Ancient India and Ancient China, Trade and Religious Exchanges AD1-600,
by Xinru Liu, Oxford India Paperbacks, 1994. pp.231
The book can be ordered directly from the Oxford University Press bookstore. The number for direct sales in the UK is 01536 741 727. The book can also be ordered through Amazon.com and Barnes and Noble.
This book is principally concerned with Trade and Buddhism. It provides a summary of the trade between China and India in the Kushan, Gupta, Han and Wei periods. It also provides a summary of the development of Buddhism; changes in the Kushan period, developments in the Gupta, introduction to China under the Han, and further developments under the Wei. In addition to being a summary of the facts of change this book makes an argument for Xinru Liu's theory that Buddhism encouraged and facilitated trade. She goes on to argue that in turn traders took Buddhism to China and established it there. She also suggests that this demonstrates a market economy in the region.
The principle division is in three parts. The first is a section on trade, the second is a summary of Buddhism in India, the third is a summary of Chinese Buddhism. Each of the parts is then broken down into small sections which contain an argument and conclusion. Each part finishes with a general conclusion and a lengthy conclusion finishes the book. This arrangement is very useful for later reference but it makes the arguments hard to follow in the initial reading. In fact, the arguments of the book do tend to become subsumed in the general wealth of detail. The book is not easy to read and this is unfortunate as it contains much useful information.
She argues that the trade was one almost entirely in luxury goods, used for conspicuous consumption, to improve or maintain the positions of elite's. She suggests that the consumption was by the Emperor and aristocrats of China and in India she suggests that the goods were used in religious festivals and by monasteries. This division seems to be unfair. It seems more likely that the difference is the result of sources; Histories and government records in China, excavations at temples and reports of pilgrims. Her other conclusion that Buddhism's concept of the seven treasures encouraged trade is hard to fully accept. There can be no doubt that the seven treasures and the luxury items traded are the same but it seems more likely that Buddhist groups adopted items of luxury as their seven treasures. Increases in trade are more likely to be the result of a period of prosperity and political stability.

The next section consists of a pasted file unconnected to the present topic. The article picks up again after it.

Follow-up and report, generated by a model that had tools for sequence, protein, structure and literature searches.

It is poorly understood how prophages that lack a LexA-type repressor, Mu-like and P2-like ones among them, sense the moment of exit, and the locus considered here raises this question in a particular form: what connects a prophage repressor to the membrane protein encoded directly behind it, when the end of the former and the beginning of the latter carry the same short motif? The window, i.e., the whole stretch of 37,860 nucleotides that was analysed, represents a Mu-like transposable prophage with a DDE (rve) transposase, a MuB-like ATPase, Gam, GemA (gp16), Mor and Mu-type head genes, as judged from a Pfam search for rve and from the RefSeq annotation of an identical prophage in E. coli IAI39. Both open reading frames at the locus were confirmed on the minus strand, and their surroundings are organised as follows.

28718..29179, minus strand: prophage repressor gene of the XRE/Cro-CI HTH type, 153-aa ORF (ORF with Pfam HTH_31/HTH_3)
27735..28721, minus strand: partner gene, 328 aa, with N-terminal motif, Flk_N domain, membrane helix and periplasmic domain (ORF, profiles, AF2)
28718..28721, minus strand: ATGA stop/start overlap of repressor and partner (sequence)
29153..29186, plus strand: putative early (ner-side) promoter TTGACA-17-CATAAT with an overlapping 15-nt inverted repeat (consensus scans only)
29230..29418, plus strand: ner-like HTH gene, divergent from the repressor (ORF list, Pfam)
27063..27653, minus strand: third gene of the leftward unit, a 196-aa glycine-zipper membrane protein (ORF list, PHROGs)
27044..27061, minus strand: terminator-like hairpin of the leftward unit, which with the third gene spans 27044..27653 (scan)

Her final argument that the trade represents an 'imperfect market' is most interesting. She suggests that all forms of trade existed, giving of gifts, simple exchange. She makes a convincing argument that the government supported trade and that merchants operated on a profit basis. Ancient Indian history and Kushan history makes a very direct contrast here with the history of the Classical world of Rome and Greece. While Roman and Greek historians have lived for twenty years in the shadow of Moses Finley, Kushan historians retain a very different view of ancient economics. Finley suggested ancient governments had no economic policy or motives. Xinru Liu argues that the Chinese and Indian governments actively supported trade. However, she fails to adduce any evidence that the Chinese or India governments thought in an economic way. Even if merchants were operating in a market system there remains no evidence that they received official government sponsorship. Finley overturned a legacy of economics produced by Rostoftzeff. This book, like other on Kushan economics, lists four works by Rostoftzeff in the bibliography but not one by Finley or one of his followers. Until Kushan scholars begin to question some of Rostoftzeff's legacy their study of economics will remain lacking.
This book is hard to read and not suitable for those with only a passing interest. If you intend to study Kushan economics or Buddhism this book is essential. Xinru Liu does a superb job of collecting relevant sources and includes a number of useful lists of references. In summary, to be avoided by the general reader, essential for students.